• Support these existing structures to hold staff members and later figure out how to expand among the members of the cooperation, share resources.[4]
  • Identify the needs of the community[4][2][3][5]
    • Define the affiliates interested in the different models and themes of the hubs.[1][5]
    • Proactively reach out to marginalized communities that may need hubs.[3]
    • Identify capacity needs for each community.[2][3]
    • The purpose of a hub in NA might be very different from ESEAP based on needs and different capacities.[4]
    • Ensure the needs are resolved at the lowest possible level, while defining  what functions need support on a “higher level”, i.e. hub level.[5]
    • Hubs should be as flexible as possible and as contextualized as possible.[2][5]
    • Establish rules to ensure equal representation and communication among larger/smaller affiliates.[2][5]
  • Define what affiliates can provide to the community, regarding their contexts, current capacities[5]
    • Hubs must be clearly defined as something different from existing structures[4]
    • Prioritise the topics and areas for thematic hubs - an indicator would be no of studies and level of acceptance of the end result in our movement[5]
  • Define the “hubs” model[1][3][2]
  • We will likely end up with different hub concepts and functions, e.g. a Capacity Building hub, which wouldn’t need to be affiliated, rather readily provide the needed support.[4]
  • There could be an association between existing affiliates (e.g. Europe) where the structures already exist and there isn’t need to duplicate structures or create bureaucracy.[4]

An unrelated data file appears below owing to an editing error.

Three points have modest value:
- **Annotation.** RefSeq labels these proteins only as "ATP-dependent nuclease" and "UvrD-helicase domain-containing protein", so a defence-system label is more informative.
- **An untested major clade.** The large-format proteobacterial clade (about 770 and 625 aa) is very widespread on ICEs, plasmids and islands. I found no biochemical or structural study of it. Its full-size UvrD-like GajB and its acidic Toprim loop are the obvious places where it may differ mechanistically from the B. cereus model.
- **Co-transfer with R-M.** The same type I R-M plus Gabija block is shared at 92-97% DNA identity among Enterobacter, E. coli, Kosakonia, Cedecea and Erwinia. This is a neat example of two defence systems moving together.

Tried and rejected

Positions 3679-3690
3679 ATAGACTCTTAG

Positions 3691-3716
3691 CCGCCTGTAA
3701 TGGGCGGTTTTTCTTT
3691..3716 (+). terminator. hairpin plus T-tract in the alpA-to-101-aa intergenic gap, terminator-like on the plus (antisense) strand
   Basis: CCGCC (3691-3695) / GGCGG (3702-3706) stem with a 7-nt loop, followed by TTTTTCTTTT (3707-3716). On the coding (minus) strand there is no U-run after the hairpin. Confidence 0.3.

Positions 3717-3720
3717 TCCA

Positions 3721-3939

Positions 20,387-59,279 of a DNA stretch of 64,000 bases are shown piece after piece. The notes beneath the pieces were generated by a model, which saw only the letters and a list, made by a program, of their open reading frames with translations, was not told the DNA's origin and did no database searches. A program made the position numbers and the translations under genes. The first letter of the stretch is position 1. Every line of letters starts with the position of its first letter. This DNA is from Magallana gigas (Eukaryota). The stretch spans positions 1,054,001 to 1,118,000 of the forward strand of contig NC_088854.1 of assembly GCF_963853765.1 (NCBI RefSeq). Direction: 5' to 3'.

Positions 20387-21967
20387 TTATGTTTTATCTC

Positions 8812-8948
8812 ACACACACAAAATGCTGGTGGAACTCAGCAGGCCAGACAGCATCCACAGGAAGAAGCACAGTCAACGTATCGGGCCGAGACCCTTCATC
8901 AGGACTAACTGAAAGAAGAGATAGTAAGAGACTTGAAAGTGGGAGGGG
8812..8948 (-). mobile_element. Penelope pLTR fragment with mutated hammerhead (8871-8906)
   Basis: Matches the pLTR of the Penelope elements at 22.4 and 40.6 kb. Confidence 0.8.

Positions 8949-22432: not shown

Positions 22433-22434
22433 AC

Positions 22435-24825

• Consider different options for the affiliate status and process:[3]
    • Some groups would like the hubs to have an affiliate status recognized by the AffComm and supported by the Foundation through a clear application process or step to set up a hub.[2][3]
      • Some groups are in a waiting mode for a hub formation process.[3]
    • Other groups would like hubs to be informal structures and more of an umbrella for affiliates and not create additional hierarchy.[2]
      • Possible issues with trademark and funding without official status.[2]
      • Hubs need to be loose, organic, community specific and connect existing groups rather than replace/interfere with them.[4][2]
  • Define relationship to other structures[5]
    • Define how the hubs will be related to existing affiliates.[5]
      • Hubs should be more of umbrella organizations and create connections between the affiliates.[5]
    • Define how the hubs will coordinate with the Interim Global Council and the Global Council[1][4]